|Country||United States of America|
|Elevation||168 m (551 ft)|
|Time zone||EST (UTC-5)|
|• Summer (DST)||EDT (UTC-4)|
|Area code||240 and 301|
A postal office operated in the community from 21 July 1864 to present with brief stops in service during the American Civil War. By 1878 the town expanded to three general stores and a wheelwright shop. One of which is Maloney's General Store built shortly after the civil war which served as a stagecoach stop and was later owned by Royal Harp III, Thomas Isaacs, Mr White, and the Grant Family.
The Dayton single room school house was along Green Bridge Road. After a fire in the single room schoolhouse for colored children, a new brown tile two room school was built at the crossroads of Ten Oaks, Green Bridge and Howard roads, and the colored children moved to the old white school. The two room school is now on property owned by RLO Contractors.
In 2014, a zoning case to move a large industrial mulching operation operated by a Sandy Spring Bank executive and RLO[clarification needed] president from Trinity Church in Elkridge to agricultural preservation land in Dayton prompted a large citizen reaction.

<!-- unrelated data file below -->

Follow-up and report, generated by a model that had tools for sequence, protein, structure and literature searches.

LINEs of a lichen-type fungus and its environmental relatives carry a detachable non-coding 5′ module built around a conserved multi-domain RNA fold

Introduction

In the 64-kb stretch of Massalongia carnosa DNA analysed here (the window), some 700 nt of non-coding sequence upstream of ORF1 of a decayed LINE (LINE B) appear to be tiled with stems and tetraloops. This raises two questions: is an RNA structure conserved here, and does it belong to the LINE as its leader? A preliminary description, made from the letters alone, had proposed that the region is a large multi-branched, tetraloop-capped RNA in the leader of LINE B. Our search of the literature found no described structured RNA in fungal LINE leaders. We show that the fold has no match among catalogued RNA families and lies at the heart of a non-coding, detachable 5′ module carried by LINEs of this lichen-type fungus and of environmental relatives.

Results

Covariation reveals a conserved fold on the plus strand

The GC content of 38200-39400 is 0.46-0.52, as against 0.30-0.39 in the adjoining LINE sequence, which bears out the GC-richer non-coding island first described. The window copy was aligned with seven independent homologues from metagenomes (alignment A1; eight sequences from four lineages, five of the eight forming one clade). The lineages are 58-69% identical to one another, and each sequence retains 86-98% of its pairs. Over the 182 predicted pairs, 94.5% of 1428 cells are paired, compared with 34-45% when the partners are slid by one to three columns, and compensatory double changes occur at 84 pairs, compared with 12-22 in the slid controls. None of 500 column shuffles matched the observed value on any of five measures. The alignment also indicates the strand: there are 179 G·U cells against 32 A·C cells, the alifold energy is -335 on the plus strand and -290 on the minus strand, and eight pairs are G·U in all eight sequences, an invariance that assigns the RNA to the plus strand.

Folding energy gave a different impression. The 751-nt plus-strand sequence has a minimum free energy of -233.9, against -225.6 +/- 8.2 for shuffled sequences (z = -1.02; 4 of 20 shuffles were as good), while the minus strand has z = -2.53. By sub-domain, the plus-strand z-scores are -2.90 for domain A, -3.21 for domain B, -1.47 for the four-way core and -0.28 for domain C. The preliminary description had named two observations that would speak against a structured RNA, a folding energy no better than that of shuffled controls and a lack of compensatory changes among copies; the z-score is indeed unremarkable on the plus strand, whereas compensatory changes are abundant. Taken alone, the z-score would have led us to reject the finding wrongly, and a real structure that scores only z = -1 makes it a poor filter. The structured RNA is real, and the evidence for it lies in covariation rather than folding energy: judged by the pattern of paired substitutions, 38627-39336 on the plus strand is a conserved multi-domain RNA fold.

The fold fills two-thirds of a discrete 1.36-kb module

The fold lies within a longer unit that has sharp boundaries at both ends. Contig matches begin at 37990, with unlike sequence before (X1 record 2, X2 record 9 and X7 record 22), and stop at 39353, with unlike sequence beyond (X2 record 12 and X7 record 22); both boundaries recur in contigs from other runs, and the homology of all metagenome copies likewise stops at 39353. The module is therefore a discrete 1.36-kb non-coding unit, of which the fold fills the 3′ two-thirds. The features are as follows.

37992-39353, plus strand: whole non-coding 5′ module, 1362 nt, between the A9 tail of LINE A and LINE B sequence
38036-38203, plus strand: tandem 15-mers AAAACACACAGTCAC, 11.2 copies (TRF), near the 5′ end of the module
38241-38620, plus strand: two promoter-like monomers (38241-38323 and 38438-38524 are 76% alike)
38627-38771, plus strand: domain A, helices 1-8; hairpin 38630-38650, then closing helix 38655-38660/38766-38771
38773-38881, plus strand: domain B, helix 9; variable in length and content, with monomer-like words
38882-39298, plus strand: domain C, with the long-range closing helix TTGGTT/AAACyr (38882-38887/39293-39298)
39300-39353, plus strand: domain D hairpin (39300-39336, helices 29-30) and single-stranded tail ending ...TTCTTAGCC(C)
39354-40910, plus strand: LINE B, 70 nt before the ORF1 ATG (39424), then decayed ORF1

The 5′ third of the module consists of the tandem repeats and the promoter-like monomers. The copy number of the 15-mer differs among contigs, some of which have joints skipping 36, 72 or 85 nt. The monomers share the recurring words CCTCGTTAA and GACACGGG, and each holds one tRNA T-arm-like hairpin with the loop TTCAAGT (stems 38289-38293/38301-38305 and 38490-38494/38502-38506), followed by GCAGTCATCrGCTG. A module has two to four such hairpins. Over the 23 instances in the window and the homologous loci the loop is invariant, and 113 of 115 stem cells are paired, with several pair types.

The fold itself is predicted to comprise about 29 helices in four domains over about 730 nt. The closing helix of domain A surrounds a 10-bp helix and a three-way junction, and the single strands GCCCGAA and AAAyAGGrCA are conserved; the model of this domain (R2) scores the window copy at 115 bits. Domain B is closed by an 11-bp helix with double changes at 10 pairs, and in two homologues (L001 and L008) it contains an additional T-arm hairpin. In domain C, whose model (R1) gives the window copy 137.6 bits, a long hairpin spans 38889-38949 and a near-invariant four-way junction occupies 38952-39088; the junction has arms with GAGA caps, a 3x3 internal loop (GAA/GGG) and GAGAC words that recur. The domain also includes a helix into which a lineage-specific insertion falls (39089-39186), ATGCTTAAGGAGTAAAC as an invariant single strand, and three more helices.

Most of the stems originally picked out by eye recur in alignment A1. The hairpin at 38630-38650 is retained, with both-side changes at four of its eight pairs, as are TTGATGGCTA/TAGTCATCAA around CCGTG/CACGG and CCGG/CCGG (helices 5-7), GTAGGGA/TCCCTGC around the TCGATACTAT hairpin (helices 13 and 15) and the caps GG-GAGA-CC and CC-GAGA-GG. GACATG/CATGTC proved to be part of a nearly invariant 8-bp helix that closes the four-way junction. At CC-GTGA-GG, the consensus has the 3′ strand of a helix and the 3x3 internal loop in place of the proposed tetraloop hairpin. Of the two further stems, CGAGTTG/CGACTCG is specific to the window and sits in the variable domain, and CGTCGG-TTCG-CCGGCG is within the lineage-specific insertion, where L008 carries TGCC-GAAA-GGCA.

Dayton is in the 21036 zip code area and belongs to the 410 area code. Local landmarks are the Crossroads Pub famed for their Maryland blue crabs and once owned by the Harp family (Harp's Pub), who also owned Harp's grocery store; the Post Office; the gas station; and the "Rabbit",[clarification needed] which is decorated for major holidays.[dubious ]
Dayton is also the home to the annual Dayton Daze Parade that began in honor of Lenny Hobbs. The Hobbs family store was prominent in the cross-roads community.
Although rural, Dayton is a very high-income area, with a median household income of $157,083 in 2013, according to the U.S. Census Bureau.
- 2000 U.S. Census results for zip code 21036
- "Checklist of Maryland Post Offices". Smithsonian National Postal Museum. 12 July 2007. Retrieved 7 July 2014.
- Howard's Roads to the Past. Howard County Sesquicentennial Celebration Committee, 2001. 2001. p. 87.
- Howard's Roads to the Past. Howard County Sesquicentennial Celebration Committee, 2001. 2001. p. 88.
- Amanda Yeager (29 April 2014). "Ulman weighs in on mulching issue". The Baltimore Sun.
- "Md. Woman Dies In Tavern Fire". The Washington Post. 24 October 1944.
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